Ukraine Conflict Has the World on a Renewable Energy Run, IEA Report Says

A rapid transition to renewable power is essential to avoid the worst effects of climate change, but governments have been lukewarm in their commitment. Energy security concerns spurred by Russia’s invasion of Ukraine seem to be sharpening minds, though, according to a new report.

In its latest assessment of the state of renewable power, the International Energy Agency (IEA) says that the global energy crisis the conflict has caused is driving a significant acceleration in the roll-out of green energy projects as governments try to reduce their reliance on imported fossil fuels.

The upshot is that global capacity is expected to grow by as much as 2,400 gigawatts (GW) between now and 2027. That’s equal to China’s total power capacity today, and more renewable power than the world has installed in the previous 20 years.

It’s also about 30 percent higher than the agency was predicting last year, making this the largest-ever upward revision of its renewable energy forecasts. The report predicts that renewables will make up 90 percent of all new power projects over the next half-decade, and by 2025 solar is likely to overtake coal as the world’s single biggest source of power.

Renewables were already expanding quickly, but the global energy crisis has kicked them into an extraordinary new phase of even faster growth as countries seek to capitalize on their energy security benefits,” IEA executive director Fatih Birol said in a statement. “This is a clear example of how the current energy crisis can be a historic turning point towards a cleaner and more secure energy system.”

Nowhere has the energy crisis spurred a bigger reaction than in Europe. Much of the continent has long been reliant on Russian fossil fuels, with the EU importing nearly half its natural gas from the country. Given the growing rifts with its neighbor, the bloc is keen to rectify this situation.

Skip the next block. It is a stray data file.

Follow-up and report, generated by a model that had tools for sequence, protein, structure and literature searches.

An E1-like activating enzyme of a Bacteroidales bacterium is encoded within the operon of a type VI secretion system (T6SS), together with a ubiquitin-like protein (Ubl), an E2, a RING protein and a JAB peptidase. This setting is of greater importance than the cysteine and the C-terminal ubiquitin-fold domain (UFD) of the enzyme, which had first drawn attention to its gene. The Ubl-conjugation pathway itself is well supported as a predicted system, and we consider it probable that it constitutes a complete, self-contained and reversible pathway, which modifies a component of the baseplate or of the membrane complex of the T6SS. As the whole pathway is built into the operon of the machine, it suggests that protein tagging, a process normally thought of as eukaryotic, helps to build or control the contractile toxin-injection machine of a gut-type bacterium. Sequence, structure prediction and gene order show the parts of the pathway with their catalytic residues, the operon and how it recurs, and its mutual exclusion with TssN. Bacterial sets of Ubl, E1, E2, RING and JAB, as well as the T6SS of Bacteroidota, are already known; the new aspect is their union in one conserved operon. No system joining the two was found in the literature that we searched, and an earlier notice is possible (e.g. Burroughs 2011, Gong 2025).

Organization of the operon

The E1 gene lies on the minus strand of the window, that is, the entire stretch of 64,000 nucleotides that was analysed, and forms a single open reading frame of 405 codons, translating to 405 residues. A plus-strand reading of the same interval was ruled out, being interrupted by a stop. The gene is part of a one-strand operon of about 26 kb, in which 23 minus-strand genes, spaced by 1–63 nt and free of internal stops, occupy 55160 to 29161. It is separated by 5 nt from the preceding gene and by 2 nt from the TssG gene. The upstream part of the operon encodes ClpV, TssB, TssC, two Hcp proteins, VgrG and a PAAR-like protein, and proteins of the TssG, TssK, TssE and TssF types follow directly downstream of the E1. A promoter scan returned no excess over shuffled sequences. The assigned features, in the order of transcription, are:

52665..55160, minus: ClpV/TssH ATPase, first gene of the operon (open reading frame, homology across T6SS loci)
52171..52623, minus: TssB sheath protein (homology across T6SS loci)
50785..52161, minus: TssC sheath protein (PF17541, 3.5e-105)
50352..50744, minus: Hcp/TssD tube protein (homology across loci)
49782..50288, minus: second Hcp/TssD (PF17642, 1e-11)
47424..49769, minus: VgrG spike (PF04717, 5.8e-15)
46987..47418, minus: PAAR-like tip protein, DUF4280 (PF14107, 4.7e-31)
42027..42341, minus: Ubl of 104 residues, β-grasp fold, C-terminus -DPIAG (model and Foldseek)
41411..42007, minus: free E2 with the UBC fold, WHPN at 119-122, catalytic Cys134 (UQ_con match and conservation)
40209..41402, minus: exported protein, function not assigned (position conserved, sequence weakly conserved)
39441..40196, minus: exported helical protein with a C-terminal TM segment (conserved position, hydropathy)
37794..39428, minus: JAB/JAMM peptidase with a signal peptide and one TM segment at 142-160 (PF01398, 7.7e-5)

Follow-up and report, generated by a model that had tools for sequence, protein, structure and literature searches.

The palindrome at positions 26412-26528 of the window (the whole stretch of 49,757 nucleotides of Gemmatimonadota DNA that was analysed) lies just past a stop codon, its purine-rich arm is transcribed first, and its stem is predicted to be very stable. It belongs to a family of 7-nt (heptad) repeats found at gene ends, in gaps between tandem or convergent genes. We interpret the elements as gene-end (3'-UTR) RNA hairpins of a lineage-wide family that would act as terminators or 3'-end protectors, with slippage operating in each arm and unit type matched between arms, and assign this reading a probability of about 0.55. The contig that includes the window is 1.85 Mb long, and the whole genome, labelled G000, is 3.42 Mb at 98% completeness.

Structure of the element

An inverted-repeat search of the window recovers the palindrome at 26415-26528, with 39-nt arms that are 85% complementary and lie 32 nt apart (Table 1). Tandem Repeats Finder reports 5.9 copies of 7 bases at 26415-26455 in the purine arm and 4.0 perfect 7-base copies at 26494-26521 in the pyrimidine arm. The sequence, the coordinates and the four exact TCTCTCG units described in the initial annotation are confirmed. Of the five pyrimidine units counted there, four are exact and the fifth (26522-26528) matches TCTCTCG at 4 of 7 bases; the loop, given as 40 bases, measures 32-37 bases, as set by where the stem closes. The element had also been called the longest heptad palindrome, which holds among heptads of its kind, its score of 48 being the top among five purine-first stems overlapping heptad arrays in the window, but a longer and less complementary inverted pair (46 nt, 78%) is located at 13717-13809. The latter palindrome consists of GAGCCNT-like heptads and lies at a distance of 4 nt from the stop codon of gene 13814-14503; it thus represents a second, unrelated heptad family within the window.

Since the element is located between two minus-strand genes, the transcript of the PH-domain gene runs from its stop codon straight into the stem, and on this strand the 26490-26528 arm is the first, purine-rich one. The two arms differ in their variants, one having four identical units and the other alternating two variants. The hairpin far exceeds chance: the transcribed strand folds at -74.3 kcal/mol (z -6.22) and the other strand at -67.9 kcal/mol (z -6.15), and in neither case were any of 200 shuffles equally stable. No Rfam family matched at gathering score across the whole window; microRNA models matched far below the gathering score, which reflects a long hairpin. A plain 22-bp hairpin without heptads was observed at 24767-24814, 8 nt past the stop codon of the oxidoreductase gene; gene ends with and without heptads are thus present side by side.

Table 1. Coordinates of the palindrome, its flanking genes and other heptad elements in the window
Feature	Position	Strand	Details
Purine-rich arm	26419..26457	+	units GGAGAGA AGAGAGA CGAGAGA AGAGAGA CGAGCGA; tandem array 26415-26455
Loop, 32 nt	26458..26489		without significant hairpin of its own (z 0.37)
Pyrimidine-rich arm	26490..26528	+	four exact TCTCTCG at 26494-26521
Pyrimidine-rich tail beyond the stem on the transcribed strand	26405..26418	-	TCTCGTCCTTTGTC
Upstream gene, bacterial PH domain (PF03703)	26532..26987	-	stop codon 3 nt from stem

In May, the European Commission released its REPowerEU plan in response to the Russian invasion, which outlines how the bloc plans to reduce its energy use, boost renewables, and diversify the sources of its fossil fuel supplies. This includes commitments to end reliance on Russian fossil fuels by 2027 and boost renewables’ share of the energy mix to 45 percent.

Combined with existing climate ambitions, the IEA report predicts that this will see Europe add twice as much renewable energy capacity by 2027 as it did in the previous five years. This will be led by Germany and Spain, which have recently enacted a host of renewables-friendly policies designed to spur growth.

The acceleration isn’t driven by Europe alone, though. China’s 14th five-year plan, which was officially endorsed in March 2021, will see the country contribute about half of all new renewable power capacity over the next five years. And at the same time, the Inflation Reduction Act passed by the Biden administration earlier this year is likely to drive a significant increase in renewable capacity in the US.

Most of this expansion is going to come from solar and wind energy, according to the report, which are now the cheapest options for new electricity generation in most countries. But there is also likely to be significant growth in both hydrogen and biofuels, which may be better suited to helping decarbonize industry and transport.

The agency predicts the amount of renewable energy dedicated to producing green hydrogen will rise a 100-fold increase to 50GW, thanks to new policies and targets introduced in more than 25 countries.

Biofuel demand is expected to jump by 27 percent over the next 5 years, with up to a third of that due to be produced from waste rather than purpose-grown fuel crops. That is likely to exhaust supplies of easily-available waste, though, so the amount of vegetable oil dedicated to producing biofuel is likely to jump from 17 percent to 23 percent, raising questions about the fuel’s sustainability.

Despite all this progress, though, our chances of avoiding the worst impacts of climate change still aren’t good. The report outlines an accelerated case in which renewables growth is 25 percent higher than the baseline they identify, which could be possible if the world’s governments make major regulatory reforms and ensure better financing options for renewables projects.

But even in this optimistic scenario, which could lead to zero net emissions by 2050, the report says we would only have an even chance of limiting warming to 1.5 °C. So while the news is positive, we’re still a long way from being able to rest on our laurels.

Image Credit: seagul from Pixabay

Edd Gent
Edd Gent
I am a freelance science and technology writer based in Bangalore, India. My main areas of interest are engineering, computing and biology, with a particular focus on the intersections between the three.
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